Man Fights Back Against Hidden Hospital Facility Fees

Ben Federico is 78-years-old and he is a fighter. He has had a heart attack, septic shock, MRSA and pneumonia three times.

But his new battle is against Yale-New Haven Hospital for an extra cost he was blindsided by when he got a semi-annual check-up on his heart.

The charge is labeled as a co-pay on the bill, but Federico's regular co-pay is only $40. The $124 charge is actually a facility fee.

"I don't understand a facility fee, is it paying the rent? What is a facility fee?" Federico asked, staring at the unexpected charge.

The doctor who performed his EKG is a Yale-New Haven Health Systems affiliated physician, which means the hospital is able to attach facility fees to Federico’s bill, even though he sees his doctor at an office in Branford.

"We know it's frustrating for consumers. It's very difficult to understand," said Vincent Petrini, the senior vice president of public affairs at Yale-New Haven Health System.

Petrini explained that if a hospital owns a practice, facility fees can be applied.

"Yale-New Haven Health System now pays over $180 million dollars in taxes in the state of Connecticut," Petrini said. "We now get paid 28 cents on the dollar due to Medicaid cuts across the state."

Petrini also said the hospital gives away "$130 million in free and discounted care."

In a 2014 report by the Connecticut Attorney General’s office, experts said:

"Hospitals contend that facility fees are used to cover their overhead costs for things like imaging equipment, electronic health records, and care for the uninsured."

However, critics contend that "facility fees are a means to enable hospitals to earn more revenue for a simple office visit, which flows right to the hospital’s bottom line."

Although facility fees have been around for years, this particular facility fee only became a concern in recent years.

Connecticut Attorney General George Jepsen explained that in 2009, a law passed in Connecticut that allows hospitals to acquire previously independent physician groups. As they do, complaints from patients pour in.

"The service is the same. It's at the same location, and all that has changed is there is a little affiliation on the door with a particular hospital system and all of a sudden they are hit with a sometimes exorbitant facility fee for exactly the same service," Jepsen said.

He warned that as hospitals continue to form affiliations with independent physicians and other hospitals, people will end up paying more.

"That gives the hospitals a lot more bargaining power than before to extract the kinds of payments that they are demanding from insurance companies," Jepsen said.

Yale-New Haven Health System is affiliated with Bridgeport and Greenwich hospitals, an official with Yale-New Haven Health System said Bridgeport Hospital does not charge this type of facility fee. However, at Greenwich Hospital, there is "one off-site Oncology practice where we do facility fee billing."

Petrini added Yale-New Haven Hospital only charges the facility fee Federico got hit with to Medicare patients.

"We do not apply them in commercial patients because we're able to waive those," Petrini explained. "But, under Medicare guidelines, we do charge those patients that are Medicare insured."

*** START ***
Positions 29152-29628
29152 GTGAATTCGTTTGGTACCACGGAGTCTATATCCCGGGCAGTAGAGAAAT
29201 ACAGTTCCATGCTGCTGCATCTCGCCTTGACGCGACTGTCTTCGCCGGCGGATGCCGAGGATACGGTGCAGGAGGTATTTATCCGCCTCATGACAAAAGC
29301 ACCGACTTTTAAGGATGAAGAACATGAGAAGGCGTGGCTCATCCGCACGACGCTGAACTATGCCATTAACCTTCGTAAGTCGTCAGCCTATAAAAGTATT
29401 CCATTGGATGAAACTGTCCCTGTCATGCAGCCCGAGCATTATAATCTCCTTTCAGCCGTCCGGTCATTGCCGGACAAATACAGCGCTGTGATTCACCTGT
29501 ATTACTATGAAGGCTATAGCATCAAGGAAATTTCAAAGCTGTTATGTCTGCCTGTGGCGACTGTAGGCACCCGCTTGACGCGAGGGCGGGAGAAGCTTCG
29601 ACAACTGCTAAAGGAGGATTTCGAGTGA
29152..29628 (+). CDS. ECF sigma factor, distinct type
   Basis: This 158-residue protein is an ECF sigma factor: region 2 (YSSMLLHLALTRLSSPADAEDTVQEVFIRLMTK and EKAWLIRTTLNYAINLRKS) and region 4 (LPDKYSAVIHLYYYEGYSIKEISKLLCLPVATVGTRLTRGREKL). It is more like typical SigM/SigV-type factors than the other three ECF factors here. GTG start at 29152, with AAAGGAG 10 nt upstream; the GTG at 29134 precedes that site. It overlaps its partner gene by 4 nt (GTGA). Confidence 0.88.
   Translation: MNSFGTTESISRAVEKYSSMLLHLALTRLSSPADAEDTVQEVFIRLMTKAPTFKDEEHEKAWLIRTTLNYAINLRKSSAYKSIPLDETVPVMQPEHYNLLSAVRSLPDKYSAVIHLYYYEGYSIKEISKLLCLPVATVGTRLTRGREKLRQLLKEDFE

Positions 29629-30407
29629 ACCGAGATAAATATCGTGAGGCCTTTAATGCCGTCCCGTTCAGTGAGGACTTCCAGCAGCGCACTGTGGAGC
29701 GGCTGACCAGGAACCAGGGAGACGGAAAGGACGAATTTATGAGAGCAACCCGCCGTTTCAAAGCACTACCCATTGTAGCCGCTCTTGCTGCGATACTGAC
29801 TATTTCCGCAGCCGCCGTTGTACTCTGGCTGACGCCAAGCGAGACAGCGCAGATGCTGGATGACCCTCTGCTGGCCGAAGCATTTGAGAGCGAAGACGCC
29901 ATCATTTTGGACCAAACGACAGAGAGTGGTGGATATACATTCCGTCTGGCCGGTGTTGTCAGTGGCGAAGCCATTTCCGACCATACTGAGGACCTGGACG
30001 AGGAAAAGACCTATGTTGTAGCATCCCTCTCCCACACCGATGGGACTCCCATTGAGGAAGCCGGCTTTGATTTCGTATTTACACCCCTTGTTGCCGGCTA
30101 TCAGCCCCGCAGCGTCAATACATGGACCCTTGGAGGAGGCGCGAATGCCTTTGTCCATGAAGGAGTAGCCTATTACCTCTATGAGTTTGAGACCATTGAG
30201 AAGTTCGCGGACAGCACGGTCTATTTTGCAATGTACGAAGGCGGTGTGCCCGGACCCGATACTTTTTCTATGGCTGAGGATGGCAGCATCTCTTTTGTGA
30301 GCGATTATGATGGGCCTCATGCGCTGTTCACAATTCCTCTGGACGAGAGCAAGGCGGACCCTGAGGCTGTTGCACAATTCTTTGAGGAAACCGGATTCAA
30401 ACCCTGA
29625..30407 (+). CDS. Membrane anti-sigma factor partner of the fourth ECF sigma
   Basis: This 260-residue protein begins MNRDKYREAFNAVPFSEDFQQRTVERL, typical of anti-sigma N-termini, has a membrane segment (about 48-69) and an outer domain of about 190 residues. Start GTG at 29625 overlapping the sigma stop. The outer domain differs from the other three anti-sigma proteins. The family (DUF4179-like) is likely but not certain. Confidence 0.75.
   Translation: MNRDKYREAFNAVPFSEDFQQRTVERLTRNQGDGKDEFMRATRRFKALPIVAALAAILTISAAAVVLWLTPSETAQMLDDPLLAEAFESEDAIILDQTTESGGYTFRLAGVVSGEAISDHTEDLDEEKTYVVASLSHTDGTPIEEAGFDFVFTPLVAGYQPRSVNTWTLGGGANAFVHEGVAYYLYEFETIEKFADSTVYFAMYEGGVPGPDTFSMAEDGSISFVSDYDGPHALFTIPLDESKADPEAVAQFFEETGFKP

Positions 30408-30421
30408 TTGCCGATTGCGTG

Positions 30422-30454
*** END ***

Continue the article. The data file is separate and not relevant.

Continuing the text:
Federico thinks that’s unfair.

"We're the one that are on fixed incomes. We're retired, we're elderly. I think it's terrible," Federico said.

We asked Petrini if that policy might be driving away Medicare patients.

"That's why we will work with patients directly," Petrini said. "We don't want cost to be a barrier to care in anything we do."

However, the $124 facility fee is a barrier for Federico. After we visited him, he was hit with a second facility fee from Yale-New Haven Hospital for another routine visit.

"I asked for my records and I had them transferred to my primary care doctor, who is not affiliated with Yale," Federico said.

He added that the decision to leave his doctor of nearly 20 years was a hard one.

"I did like my doctor that was affiliated with Yale very much so, but I can’t afford that $124.39," he said.

"It's anti-consumer is the bottom line," Jepsen said.

He explained that hospitals are required by law to inform patients that they could charge a facility fee.

Federico said that didn't happen in his case. Although he signed a form from Yale-New Haven Health System agreeing to pay for any costs his insurance did not cover, the form did not mention a facility fee.

"I don't see facility," Federico said, looking at the form. "Where is a facility fee?"

When the NBC Connecticut Troubleshooters notified Yale-New Haven Hospital officials of Federico’s experience, they reversed both facility fee charges.

"The Department of Health said they couldn't help me, The Attorney General said they were looking into it, but you were the main one, you're the one that helped me out," Federico said, thanking the NBC Connecticut Troubleshooters.

There are many different kinds of facility fees and people need to check with their medical provider to see if they will get charged any other facility fee.

Starting in 2017, a law goes into effect that will eliminate facility fees for doctor office visits entirely. If anyone wants to dispute a facility fee, they can send in the form provided to the Connecticut Attorney General.

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